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Assembly Line Balancing Using Probabilistic Combinations of Heuristics
Tonge, Fred M.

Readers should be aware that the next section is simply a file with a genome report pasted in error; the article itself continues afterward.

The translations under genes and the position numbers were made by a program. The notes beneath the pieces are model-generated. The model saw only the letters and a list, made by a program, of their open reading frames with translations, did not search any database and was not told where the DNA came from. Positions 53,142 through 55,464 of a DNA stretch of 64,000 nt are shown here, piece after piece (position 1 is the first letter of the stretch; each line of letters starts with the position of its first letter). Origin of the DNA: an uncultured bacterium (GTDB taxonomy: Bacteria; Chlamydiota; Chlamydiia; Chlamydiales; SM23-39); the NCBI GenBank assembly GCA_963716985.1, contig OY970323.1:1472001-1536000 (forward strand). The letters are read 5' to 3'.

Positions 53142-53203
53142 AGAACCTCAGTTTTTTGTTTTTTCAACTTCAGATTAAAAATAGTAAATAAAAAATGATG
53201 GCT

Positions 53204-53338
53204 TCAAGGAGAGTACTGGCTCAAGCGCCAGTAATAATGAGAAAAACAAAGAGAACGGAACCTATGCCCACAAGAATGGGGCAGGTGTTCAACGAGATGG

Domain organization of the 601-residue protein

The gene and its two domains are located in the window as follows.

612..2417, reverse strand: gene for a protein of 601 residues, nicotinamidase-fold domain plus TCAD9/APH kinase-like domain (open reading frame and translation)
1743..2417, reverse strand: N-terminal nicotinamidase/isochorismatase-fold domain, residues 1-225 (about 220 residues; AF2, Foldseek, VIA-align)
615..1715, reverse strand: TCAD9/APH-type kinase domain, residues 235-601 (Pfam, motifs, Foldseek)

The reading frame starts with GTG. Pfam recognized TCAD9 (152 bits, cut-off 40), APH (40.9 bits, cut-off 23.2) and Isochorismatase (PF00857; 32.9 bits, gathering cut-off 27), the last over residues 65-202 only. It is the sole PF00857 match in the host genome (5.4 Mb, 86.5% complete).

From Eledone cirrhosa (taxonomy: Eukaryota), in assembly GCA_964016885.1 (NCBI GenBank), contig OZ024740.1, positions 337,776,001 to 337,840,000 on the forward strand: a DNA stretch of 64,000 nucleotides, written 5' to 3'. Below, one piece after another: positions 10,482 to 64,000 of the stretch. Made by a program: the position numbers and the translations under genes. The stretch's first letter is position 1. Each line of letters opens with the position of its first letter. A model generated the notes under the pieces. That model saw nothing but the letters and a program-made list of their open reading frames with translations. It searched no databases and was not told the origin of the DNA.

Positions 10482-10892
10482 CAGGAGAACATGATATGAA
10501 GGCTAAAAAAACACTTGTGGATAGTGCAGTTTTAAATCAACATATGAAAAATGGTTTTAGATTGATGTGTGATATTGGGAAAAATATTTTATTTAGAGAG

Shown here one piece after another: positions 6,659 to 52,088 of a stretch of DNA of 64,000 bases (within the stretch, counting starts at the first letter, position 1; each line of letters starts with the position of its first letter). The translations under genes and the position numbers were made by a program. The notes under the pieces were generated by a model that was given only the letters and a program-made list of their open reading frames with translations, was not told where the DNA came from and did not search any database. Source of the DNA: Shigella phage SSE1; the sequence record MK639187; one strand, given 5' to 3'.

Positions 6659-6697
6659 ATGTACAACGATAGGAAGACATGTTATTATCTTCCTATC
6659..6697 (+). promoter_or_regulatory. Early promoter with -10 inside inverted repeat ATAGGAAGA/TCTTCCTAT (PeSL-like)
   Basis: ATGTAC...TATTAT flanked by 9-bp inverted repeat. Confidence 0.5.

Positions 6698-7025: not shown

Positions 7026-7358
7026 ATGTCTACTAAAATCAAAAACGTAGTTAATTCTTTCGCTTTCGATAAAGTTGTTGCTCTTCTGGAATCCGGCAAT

Several recent research efforts have studied the use of probabilistic schemes for generating solutions to particular combinatorial problems. Characteristically, such schemes include both rapid production of many potential solutions, through repeated application of simple choice rules, and dynamic modification of the production process (“learning”). In this study the simple choice rules (heuristics) used are derived from earlier applications of heuristic programming to the assembly line balancing problem. Repeated trials with probabilistic choice of simple rules are here viewed as an alternative method of organizing the appropriate selection and application of these heuristics. The procedure assigns tasks to work stations along the assembly line by randomly selecting a heuristic for choosing the next task to be added to the current work station. While many suitable heuristics for assembly line balancing have been suggested in the literature, our studies have primarily used the following: choose the task with the largest operation time; choose the task with the most immediate followers; choose a task randomly. The results for studies of several problems, and several cycle times of each problem, can be summarized as follows. Random selection of heuristics for choosing the next task does as well as or better than (i.e., results in fewer work stations than) either use of the individual heuristics alone, or random choice of the tasks directly, without intervening choice of heuristics.